Are decorators really that different from metaclasses...

Paul Morrow pm_mon at
Wed Aug 25 13:20:17 CEST 2004

Steven Bethard wrote:
> Paul Morrow <pm_mon <at>> writes:
>>I believe that (virtually) all __xxx__ attributes have this metadata 
>>aspect (semantics) to them.  When a programmer says
>>    def foo():
>>        __author__ = 'Wilma Flintstone'
>>        __version__ = '0.1'
>>She does not intend for __author__ nor __version__ to be local variables 
>>of foo, used somehow by foo in the calculation of its return value.  To 
>>her they are foo /metadata/ --- attributes of the foo object itself --- 
>>as they contain information that *describes* foo.
> I assume you mean that this is what you'd like a programmer to intend?  If I 
> wrote that, I would intend (and expect) __author__ to be a local variable.  
> I'm not saying that I couldn't be retrained.  I'm just saying that right now, 
> I would not expect it to be otherwise.

What I mean is that this is what (I believe) veteran Python programmers 
always intend, because it's a Python convention (although I've never 
actually seen it described quite like this --- as metadata).

Here's what PEP 8 ( has to say 
about __xxx__ attributes:

       __double_leading_and_trailing_underscore__: "magic" objects or
       attributes that live in user-controlled namespaces,
       e.g. __init__, __import__ or __file__.  Sometimes these are
       defined by the user to trigger certain magic behavior
       (e.g. operator overloading); sometimes these are inserted by the
       infrastructure for its own use or for debugging purposes.  Since
       the infrastructure (loosely defined as the Python interpreter
       and the standard library) may decide to grow its list of magic
       attributes in future versions, user code should generally
       refrain from using this convention for its own use.  User code
       that aspires to become part of the infrastructure could combine
       this with a short prefix inside the underscores,
       e.g. __bobo_magic_attr__.

Here's a link that gives some examples of them:

Sure veterans know that if it looks like a local variable definition, 
then it is one.  But my point is that (IMO) they don't normally rely on 
that aspect of __xxx__ variables.  You'll almost never see a function 
that examines its own metadata in the computation of its result.

>>Likewise, when she defines __lt__, __getitem__, __init__, etc. as part 
>>of a class, they will not typically be called by methods of the class or 
>>users/consumers/clients of the class [*] the way that 'normal' 
>>attributes will.  They contain meta info that describes a deeper level 
>>of class behavior.
> This seems a little misleading to me.  The only reason these methods are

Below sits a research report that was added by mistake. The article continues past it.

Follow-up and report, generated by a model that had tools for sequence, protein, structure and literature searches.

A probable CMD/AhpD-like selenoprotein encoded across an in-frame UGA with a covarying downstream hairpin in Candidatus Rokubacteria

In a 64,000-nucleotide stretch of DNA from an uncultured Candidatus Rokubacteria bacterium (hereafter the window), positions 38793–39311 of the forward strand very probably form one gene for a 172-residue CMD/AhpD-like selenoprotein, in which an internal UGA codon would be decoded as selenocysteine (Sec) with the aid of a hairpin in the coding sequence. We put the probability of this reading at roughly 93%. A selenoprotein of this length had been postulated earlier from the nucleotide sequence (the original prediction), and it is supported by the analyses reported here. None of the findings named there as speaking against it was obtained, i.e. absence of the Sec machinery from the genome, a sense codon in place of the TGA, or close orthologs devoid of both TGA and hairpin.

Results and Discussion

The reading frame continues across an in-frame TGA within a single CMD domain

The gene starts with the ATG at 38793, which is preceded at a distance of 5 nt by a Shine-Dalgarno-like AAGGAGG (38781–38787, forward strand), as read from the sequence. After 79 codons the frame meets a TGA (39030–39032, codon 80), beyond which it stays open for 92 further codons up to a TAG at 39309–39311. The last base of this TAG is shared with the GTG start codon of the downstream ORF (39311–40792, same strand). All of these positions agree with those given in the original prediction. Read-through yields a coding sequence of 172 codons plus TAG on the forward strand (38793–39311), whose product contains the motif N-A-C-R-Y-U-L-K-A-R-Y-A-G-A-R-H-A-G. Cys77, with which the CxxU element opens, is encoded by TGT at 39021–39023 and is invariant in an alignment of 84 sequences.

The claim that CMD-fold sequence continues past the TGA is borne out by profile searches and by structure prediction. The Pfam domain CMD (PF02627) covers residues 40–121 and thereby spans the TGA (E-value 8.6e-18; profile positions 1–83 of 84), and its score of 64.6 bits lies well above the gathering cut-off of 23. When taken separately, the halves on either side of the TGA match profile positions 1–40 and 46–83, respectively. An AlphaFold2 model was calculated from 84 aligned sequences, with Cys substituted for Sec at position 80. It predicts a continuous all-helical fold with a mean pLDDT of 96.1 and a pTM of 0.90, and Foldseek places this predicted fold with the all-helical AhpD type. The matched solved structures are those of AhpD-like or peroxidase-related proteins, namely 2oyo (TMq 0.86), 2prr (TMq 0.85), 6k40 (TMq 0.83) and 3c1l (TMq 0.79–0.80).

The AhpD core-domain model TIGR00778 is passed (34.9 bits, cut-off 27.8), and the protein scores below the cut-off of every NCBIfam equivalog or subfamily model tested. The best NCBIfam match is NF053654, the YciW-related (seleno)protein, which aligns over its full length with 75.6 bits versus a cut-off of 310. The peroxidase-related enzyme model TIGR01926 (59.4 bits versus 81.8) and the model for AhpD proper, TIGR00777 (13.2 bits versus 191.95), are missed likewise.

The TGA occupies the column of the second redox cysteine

> special is because they override operators (something like "<", "[]", and "()" 
> respectively).  You could provide a class with /exactly/ the same 
> functionality without ever implementing any of these methods.  (Well, minus 
> __init__, but that was a special case in your discussion too.)  The only thing 
> that implementing these methods does is allows your user to access these 
> methods through an operator shorthand.  A simple example:
> class Identity:
>     def get(self, x):
>         return x
>     __getitem__ = get
> How is __getitem__ any more "metadata" then get is?  They provide exactly the 
> same functionality.  The __getitem__ declaration just allows you to access the 
> get method using "[...]".

Well, but that's a big difference.  __getitem__ has a much deeper 
meaning than your 'get'.  Defining it actually changes which syntax 
you're allowed to use on instances of your class.  Now you can do things 

    ident = Identity()
    print "%(alpha)s, %(beta)s, %(gamma)s" % ident

> Are you trying to say that "metadata" is the same thing as "operator shortcut"?

Not exactly, but it would include defining those.  One way to think 
about metadata is that it includes all information *about* an object, 
but no information *used by* the object.

If we were to have a conversation about this conversation, then we would 
be having a "meta-conversation."  /metadata/ is data that describes 
data.  metadata for a function would be data that describes the 
function; data *about* the function as opposed to data *used by* the 
function.  For example:

    def circumference(diameter):
       """ This is a docstring.  It's metadata for this function. """
       __author__ = 'Paul Morrow'      # more metadata
       pi = 3.14                       # not metadata
       return pi * diameter


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